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Today's News

  • Historic figures return to the Plaza

    Spirits from the past will haunt the Plaza Hotel beginning this weekend. A multimedia video presentation capturing historic Las Vegas characters will be projected onto the windows of the hotel and visible from Plaza Park.

     

    “The Plaza Hotel and Park seems like the perfect place for the Highlands Media Arts video project that focuses on our local history,” said Wid Slick, one of the owners of the Plaza Hotel. “The state designated Las Vegas as an arts and culture community and now it’s up to us to do something about it,” Slick added.

  • Mayor struggles to get information

    Las Vegas Mayor Tony Marquez wants answers from state government about the intent for more than $1 million in funding.

    But he says has hasn’t received any definitive information.

    The state Water Trust Board has apparently approved a change in the purpose for the $1.2 million. The board operates through the New Mexico Finance Authority and works with the state Environment Department.

  • Denish picks Las Vegan for her transition team

    A Las Vegan is joining Lt. Gov. Diane Denish’s transition team as she prepares to become the next governor.

    Former Las Vegas Mayor Matt Martinez was named Wednesday as the leader of the Healthy Families and Communities Advisory Team.

    Martinez, who manages KNMX and KMDZ radio stations, is the vice president of the National Hispanic Cultural Center in Albuquerque. He served as mayor from 1998 to 2000.

  • EDITORIAL: Saying no to lobbyist

    The Las Vegas City Council made the right decision last week when it rejected a proposal to include lobbying duties in the grant writer’s job description.

    Councilman Morris Madrid said the skills required of a lobbyist are far different from that of a grant writer. A grant writer for the city has to have considerable knowledge about the mechanics of government and the ability to research. A lobbyist, meanwhile, has to know how to work the political scene.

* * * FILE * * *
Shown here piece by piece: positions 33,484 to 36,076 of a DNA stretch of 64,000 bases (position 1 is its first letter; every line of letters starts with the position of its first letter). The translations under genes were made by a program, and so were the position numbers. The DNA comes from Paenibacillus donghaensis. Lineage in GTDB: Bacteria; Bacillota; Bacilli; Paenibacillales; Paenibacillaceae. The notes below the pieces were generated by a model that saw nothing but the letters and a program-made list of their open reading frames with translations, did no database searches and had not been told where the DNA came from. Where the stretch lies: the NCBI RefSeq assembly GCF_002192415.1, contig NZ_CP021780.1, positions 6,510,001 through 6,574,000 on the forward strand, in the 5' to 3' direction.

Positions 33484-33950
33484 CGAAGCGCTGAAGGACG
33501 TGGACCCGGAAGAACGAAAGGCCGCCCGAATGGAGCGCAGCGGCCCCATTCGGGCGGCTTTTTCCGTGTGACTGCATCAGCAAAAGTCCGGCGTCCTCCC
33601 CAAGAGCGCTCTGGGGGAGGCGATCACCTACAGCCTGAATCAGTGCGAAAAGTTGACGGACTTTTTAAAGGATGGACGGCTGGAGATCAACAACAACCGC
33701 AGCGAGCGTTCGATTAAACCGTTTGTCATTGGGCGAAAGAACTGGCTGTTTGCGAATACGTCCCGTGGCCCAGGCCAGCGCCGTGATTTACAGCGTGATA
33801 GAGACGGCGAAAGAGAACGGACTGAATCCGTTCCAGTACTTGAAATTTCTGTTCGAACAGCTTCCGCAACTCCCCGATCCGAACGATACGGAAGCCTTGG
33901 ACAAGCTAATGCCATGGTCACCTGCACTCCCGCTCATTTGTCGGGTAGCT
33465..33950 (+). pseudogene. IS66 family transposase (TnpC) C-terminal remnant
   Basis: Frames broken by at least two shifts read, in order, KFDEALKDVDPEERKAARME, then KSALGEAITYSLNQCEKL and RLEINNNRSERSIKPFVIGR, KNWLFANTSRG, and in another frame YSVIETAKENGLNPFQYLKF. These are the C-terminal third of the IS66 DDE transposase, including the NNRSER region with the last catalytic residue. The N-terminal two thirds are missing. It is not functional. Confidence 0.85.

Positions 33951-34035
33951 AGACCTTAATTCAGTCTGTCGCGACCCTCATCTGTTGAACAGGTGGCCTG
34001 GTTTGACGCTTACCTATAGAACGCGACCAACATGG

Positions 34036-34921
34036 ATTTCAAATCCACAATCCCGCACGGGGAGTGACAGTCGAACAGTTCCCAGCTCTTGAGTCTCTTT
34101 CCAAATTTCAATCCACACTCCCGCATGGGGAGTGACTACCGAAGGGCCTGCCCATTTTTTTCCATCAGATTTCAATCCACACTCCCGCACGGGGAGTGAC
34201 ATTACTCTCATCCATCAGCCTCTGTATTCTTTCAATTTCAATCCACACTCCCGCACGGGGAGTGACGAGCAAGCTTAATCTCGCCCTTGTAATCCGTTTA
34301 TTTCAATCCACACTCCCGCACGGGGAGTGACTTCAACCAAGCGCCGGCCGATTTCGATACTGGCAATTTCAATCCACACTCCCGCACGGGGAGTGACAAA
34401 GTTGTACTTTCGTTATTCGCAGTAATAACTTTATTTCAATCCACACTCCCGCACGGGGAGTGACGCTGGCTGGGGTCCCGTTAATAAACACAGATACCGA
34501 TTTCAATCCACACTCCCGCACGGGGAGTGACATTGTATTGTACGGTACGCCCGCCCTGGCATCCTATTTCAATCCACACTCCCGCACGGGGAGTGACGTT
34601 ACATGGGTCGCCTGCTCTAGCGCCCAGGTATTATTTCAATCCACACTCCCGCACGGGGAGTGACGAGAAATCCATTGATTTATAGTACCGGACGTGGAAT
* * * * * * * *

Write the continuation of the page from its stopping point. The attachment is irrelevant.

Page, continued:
Madrid made another good point: The mayor and council members themselves can serve as lobbyists.

  • Woman facing fraud charges

    A Las Vegas woman is accused of illegally using people’s credit card numbers to take money from a cash register at her workplace.

    Jessica Gamel, 21, 1620 1/2 Eighth St., faces 18 counts of fraud and six counts of forgery.

    According to a criminal complaint filed in Magistrate Court, the owner of Pino’s Restaurant told officers last week that he believed Gamel, one of his waitresses, got several credit card numbers taking reservations in her job at Plaza Hotel and used them to her benefit at Pino’s.

  • Native American pageant held

    The Winter Buffalo Dance may have been the key to Kaylina Abeyta’s victory.

    Kaylina Abeyta, a member of the Ohkay Owingeh tribe, was crowned Miss Highlands University Native American Queen during the third annual Native American Pageant at Sala de Madrid last week. She replaces outgoing Queen Courtney Hudson.

    Abeyta wowed the audience with the Winter Buffalo Dance and said she’s been dancing since she was a little girl.

  • Hospital adds administrative post

    The state hospital says it has created a new management position to make the facility more efficient.

    Morris Madrid, the hospital’s finance director for the last couple of years, has been appointed to the newly created position of director of operational efficiencies.

    “In light of the current budget and economic conditions, he has graciously agreed to accept this role without additional compensation,” hospital administrator Troy Jones said in a memo to employees last week.

  • Man who fed millions of birds over his career retiring

    Jean Jaureguiberry, a 32-year employee of the U.S. Fish and Wildlife Service, is leaving the Las Vegas National Wildlife Refuge and the many, many birds he has fed over his long career.

    This month, Jaureguiberry will hang up his tractor keys and lay down his gloves to retire and begin a new chapter of his life.

  • EDITORIAL: Don't ruin a good thing

    Parents of students at Union Elementary take a special pride in their school. It’s small, and its students have been testing very well compared to others across the state.

    For some years now, the West Las Vegas district has been considering moving Union classes to Tony Serna Elementary and transferring the Family Partnership to Union.

    The school board should think long and hard before putting this plan into action. We’d hate to see a good thing end.

  • LETTER: Health, other issues must be considered

    I am an off-grid, parttime resident of the Wrye Ranch area on the mesa south of Starvation Peak in San Miguel County and I am an advocate of alternative energy. However, I was recently  concerned about the plans described for the La Sierrita Wind Project in the “Residents Wary of the Mesa Wind Farm Deal” article in The New Mexican, dated Nov. 13, 2008.